Browne v Dunn does not necessarily require puttage of a proposition if that proposition is already clear to the opponent through pleadings, witness statements, etc. The rule in Browne v Dunn is frequently misunderstood as requiring puttage even if the proposition is clear to the opposing party in such a way.
See eg Automotive, Food, Metals, Engineering, Printing and Kindred Industries Union v Visy Packaging Pty Ltd (No 3)  FCA 525, discussed at http://www.the-civil-lawyer.net/2013/06/browne-v-dunn-automotive-food-metals.html. See also Odgers, [1.2.4440].
Importantly, Browne v Dunn is not a steadfast rule the violation of which necessarily leads to sanctions. Rather, its violation goes to the weight of the competing propositions.
Practical guidance on what conduct is consistent with the ‘rule in Browne v Dunn’ appears in Reid v Kerr (1974) 9 SASR 367.
Amongst other things, a ‘half hinted imputation’ is insufficient and the cross-examiner must put the proposition ‘fairly and squarely … so as to allow the witness to respond’.
See also http://realgy.wordpress.com/2012/02/08/the-rule-in-browne-v-dunn/
Dahl v Grice appears to be the most recent (c 1974) Victorian authority for the proposition that if expert evidence as to a particular fact is ‘possible’, then the tribunal of fact can (arguably should) take into account any lay evidence and inferences to elevate ‘possible’ to ‘probable’.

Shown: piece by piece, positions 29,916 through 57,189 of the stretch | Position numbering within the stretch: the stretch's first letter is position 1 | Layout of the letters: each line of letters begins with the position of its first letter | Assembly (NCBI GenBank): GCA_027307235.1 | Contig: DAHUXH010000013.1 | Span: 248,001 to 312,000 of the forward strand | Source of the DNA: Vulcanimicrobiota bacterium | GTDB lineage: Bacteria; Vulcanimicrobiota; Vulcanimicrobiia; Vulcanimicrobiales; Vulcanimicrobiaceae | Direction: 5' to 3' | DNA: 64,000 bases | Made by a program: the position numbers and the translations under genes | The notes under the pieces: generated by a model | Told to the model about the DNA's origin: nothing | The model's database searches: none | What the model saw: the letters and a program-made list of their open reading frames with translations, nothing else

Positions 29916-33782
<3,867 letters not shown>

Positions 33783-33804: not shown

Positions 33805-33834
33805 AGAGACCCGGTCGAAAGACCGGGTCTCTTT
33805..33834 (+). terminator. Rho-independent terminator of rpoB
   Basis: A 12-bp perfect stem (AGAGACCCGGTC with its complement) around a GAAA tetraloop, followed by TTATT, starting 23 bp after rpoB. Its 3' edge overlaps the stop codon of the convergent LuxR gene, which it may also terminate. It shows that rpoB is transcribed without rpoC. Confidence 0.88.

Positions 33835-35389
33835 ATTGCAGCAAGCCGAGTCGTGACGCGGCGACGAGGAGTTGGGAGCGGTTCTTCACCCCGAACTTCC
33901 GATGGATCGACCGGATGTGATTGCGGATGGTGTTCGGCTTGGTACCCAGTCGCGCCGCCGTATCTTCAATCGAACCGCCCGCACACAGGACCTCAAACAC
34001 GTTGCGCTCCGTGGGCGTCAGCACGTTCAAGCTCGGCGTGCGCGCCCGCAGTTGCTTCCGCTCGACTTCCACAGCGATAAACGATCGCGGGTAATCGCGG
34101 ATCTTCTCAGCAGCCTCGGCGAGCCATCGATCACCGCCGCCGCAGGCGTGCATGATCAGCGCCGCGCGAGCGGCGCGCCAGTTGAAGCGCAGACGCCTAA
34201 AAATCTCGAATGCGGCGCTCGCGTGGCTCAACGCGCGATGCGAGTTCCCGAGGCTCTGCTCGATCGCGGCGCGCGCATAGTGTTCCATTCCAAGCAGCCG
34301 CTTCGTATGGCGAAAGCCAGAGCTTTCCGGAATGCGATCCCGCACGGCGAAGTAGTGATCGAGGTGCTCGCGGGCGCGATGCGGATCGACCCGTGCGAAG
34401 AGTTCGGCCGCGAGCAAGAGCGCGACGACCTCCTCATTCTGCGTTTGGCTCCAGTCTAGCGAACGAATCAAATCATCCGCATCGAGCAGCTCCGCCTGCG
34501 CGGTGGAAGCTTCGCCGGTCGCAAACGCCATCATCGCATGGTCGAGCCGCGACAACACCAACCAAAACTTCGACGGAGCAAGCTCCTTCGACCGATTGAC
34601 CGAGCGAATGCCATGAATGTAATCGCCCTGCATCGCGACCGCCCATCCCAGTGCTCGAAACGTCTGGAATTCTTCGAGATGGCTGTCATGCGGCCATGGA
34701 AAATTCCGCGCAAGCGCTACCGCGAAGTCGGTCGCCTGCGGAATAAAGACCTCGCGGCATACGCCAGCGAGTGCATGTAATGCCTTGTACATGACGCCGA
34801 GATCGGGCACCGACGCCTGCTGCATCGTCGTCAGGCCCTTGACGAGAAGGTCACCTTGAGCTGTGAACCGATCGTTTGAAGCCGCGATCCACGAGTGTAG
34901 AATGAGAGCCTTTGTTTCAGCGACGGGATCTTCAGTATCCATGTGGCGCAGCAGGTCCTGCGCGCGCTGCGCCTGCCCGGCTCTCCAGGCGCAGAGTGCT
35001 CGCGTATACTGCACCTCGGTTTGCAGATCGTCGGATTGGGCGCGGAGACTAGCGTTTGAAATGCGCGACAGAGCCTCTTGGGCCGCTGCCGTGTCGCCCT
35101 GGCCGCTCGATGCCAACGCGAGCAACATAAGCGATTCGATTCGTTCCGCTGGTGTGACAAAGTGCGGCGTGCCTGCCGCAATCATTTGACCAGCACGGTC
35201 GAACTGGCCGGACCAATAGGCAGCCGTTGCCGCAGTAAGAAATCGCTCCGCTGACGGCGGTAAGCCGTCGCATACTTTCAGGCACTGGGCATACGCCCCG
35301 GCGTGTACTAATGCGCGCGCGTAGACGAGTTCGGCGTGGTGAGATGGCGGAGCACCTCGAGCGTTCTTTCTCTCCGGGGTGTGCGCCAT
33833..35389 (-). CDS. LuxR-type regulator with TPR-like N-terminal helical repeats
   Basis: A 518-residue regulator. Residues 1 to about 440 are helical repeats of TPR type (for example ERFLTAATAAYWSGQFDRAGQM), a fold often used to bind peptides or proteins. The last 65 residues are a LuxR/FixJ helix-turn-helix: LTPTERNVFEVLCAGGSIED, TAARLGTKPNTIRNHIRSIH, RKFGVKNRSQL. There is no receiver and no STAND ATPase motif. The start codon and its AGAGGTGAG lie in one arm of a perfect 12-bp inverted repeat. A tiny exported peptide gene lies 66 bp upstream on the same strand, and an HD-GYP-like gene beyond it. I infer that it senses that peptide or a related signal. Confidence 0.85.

The proposition is hardly novel.
Application of the authority would mean that where there are conflicting expert theories, other non-expert evidence may result in the determination of one of those theories as the most probable.
Under the uniform Evidence Acts, judicial notice of facts is governed by s 144.
Subsection 144(4) provides an apparently mandatory procedural mechanism which the judge must use.
See also Halsbury’s, Cross for distinction between adjudicative facts and legislative facts.
See Odgers for examples of where judicial notice has been taken of facts. These published examples appear to be extremely limited. For example, no case seems to have gone as far as taking notice of Ohm’s Law even though that is irrefutable ‘basic physics’. But not taking judicial notice of such a fact and instead insisting on expert evidence would be contrary to the very policy underpinning judicial notice (wasting Court time).
The practical implication is that expert evidence led should explain Ohm’s Law. However, the scope of the contest is not always foreseeable: the opponent may take surprise issue in closing submissions on a related point (thus not strictly contravening Browne v Dunn) the response to which may require articulation of Ohm’s Law. Thus resort to a submission regarding judicial notice may be necessary.